ASPEN – With the end of the 2013-14 academic year approaching, Aspen High School is finally rolling out its revamped class schedule for next year. This will require more math teachers, but exactly how many is not clear yet.
Following an October directive from Superintendent John Maloy, high school administrators and teachers worked for several months to restructure the schedule and provide more math instruction to students.
By requiring math classes every day of the week, and providing more overall minutes of math during the year, Maloy hopes to boost the high school’s test scores and, more importantly, give AHS graduates a solid footing in mathematics.
On Monday afternoon, AHS Principal Kim Martin — the person charged with creating the new schedule — told the Aspen Board of Education that she was nearly done with the complex and thorny job of scheduling more math classes every week.
With a finite number of instructional hours in each day and week, adding math time means reducing time for other classes.
Board President Sheila Wills congratulated Martin on completing a controversial and difficult task. The board has supported Maloy’s reasoning on the math-oriented directive, but over the course of the process numerous questions arose from parents, teachers and students about the ripple effect of the change.
“I know it’s been difficult and I know you’ve received all kinds of conflicting feedback,” Wills told Martin.
In the end, Martin chose a schedule that mirrors the existing AHS schedule of 90-minute periods, but splits some 90-minute slots into two 45-minute ones. This resulted in new time slots for math every other day, but with minimal disruption to the rest of the schedule.
When asked for their recommendations on how to carve out the additional math time, Martin said, most teachers preferred the so-called “90-45” option.
“I think it’s because teachers are comfortable with that schedule, and many departments are already familiar with teaching in those 90-minute blocks,” Martin said.
Beginning in 2014-15, AHS students will have math every day, with classes alternating between 90- and 45-minute lengths. The school will move from an average 450 minutes of math instruction every two weeks to an average 675 minutes.
“We’ll have a 50 percent increase in math minutes,” Martin said. “The rest of the departments will still have 90 minutes every other day. Only the math department will have 45 minutes every other day.”
Maloy directed Martin to create the new schedule after observing that AHS students’ math test scores were dropping as they moved through high school.
Though still exceeding statewide averages, Maloy said in a letter to the school community, Aspen students were falling behind their peers from so-called “match schools” in demographically similar communities.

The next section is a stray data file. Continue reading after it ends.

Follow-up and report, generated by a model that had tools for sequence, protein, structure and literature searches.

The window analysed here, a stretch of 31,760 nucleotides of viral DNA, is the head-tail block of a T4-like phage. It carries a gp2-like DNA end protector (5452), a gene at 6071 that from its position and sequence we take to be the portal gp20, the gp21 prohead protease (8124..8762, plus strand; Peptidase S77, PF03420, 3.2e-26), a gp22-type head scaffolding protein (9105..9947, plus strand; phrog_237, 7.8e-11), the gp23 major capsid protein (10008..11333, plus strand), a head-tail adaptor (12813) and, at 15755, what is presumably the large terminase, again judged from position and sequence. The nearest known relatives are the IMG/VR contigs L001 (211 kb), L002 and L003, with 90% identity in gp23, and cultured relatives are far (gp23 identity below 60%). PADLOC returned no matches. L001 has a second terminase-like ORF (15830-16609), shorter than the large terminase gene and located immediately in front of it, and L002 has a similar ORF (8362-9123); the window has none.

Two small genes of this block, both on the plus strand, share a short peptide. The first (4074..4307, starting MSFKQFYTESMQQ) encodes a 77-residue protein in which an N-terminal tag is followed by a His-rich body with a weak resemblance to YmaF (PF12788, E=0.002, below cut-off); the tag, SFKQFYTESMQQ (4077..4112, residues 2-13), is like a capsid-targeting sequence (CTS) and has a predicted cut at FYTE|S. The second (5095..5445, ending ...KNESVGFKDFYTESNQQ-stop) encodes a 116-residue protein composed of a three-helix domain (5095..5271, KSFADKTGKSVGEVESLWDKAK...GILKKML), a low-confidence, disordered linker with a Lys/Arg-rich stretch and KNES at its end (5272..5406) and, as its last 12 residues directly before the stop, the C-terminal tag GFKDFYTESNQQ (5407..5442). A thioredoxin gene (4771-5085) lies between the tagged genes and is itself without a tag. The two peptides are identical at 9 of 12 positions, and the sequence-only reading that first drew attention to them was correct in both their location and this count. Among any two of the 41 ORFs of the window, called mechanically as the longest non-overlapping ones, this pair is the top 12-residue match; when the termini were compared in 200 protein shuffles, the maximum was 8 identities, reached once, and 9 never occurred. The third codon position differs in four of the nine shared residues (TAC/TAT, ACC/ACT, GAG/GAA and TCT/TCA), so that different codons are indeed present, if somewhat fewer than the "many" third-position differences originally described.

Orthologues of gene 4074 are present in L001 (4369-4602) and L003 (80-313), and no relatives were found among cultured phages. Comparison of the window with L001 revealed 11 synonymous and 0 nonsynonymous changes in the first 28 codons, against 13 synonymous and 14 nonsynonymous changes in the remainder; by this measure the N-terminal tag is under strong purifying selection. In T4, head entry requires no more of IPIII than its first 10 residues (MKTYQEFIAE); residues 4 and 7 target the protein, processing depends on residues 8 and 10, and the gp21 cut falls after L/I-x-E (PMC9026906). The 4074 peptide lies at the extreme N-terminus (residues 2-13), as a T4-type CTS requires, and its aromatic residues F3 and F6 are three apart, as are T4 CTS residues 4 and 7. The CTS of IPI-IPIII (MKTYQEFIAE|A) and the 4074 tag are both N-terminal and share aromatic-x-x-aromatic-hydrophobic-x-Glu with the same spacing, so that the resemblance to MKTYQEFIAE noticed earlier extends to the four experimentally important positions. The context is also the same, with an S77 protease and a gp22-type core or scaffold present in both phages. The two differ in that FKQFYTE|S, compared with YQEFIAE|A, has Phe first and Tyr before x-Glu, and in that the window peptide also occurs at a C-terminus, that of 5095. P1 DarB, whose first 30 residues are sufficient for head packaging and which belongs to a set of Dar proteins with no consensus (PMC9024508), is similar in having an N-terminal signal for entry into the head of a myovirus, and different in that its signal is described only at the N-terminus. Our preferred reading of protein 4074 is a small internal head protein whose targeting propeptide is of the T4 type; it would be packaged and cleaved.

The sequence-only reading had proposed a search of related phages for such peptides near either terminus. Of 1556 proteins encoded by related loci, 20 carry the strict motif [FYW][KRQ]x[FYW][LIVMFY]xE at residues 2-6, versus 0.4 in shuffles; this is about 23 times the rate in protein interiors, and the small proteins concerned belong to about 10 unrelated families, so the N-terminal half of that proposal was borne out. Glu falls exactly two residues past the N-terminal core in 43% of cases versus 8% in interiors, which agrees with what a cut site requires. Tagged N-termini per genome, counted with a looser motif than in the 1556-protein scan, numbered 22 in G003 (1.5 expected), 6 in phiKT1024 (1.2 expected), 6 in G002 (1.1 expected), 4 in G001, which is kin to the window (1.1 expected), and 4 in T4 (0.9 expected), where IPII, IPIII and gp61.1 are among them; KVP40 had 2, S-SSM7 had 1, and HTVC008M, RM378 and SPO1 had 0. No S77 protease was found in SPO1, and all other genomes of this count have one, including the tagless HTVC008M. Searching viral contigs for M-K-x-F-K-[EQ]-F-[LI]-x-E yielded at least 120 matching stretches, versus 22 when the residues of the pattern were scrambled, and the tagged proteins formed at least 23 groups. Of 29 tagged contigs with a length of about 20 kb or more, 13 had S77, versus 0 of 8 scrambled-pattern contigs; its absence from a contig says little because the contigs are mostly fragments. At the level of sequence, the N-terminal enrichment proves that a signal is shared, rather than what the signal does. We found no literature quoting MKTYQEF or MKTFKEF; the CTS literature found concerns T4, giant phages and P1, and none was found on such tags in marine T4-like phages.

“It is evident that our students deserve math every day and additional math time over the course of the year in order to compete on a national and international stage,” he wrote.
Technical glitches have emerged already with PowerSchool, the district’s scheduling software, and administrators expect that additional tweaks and adjustments will be needed. But Martin thinks the bulk of the hard work is done.
“I’d say we’re 80 percent of the way there,” she told Aspen Journalism. “Now we just need to follow the typical scheduling process we go through as kids sign up for classes.”
The additional math time will complicate some things for students. Down the road, Maloy and Martin may ask board members to add some flexibility to the school’s graduation requirements.
For example, Martin wrote to board members, “instead of requiring .50 units of creative arts, .50 credits of business and 6.25 credits of electives, we could require 1.0 credits of “applied and creative arts,” which would allow students to take business, art or music to meet the requirement.”
These decisions were postponed to a later date, when administrators promised to return with more information and recommendations for board members to consider. The new schedule also may have implications for students in the International Baccalaureate Diploma program, who will experience a squeeze on their available instructional time.
“This is a work in progress,” Wills said. “We’ve made the major changes, and we see a few more coming down the pike next year. I do think we’re doing the right thing for our kids.”
Editor’s note: Aspen Journalism’s Education Desk and The Aspen Times are collaborating on coverage of local education. The Times ran this story on Thursday, April 24, 2014.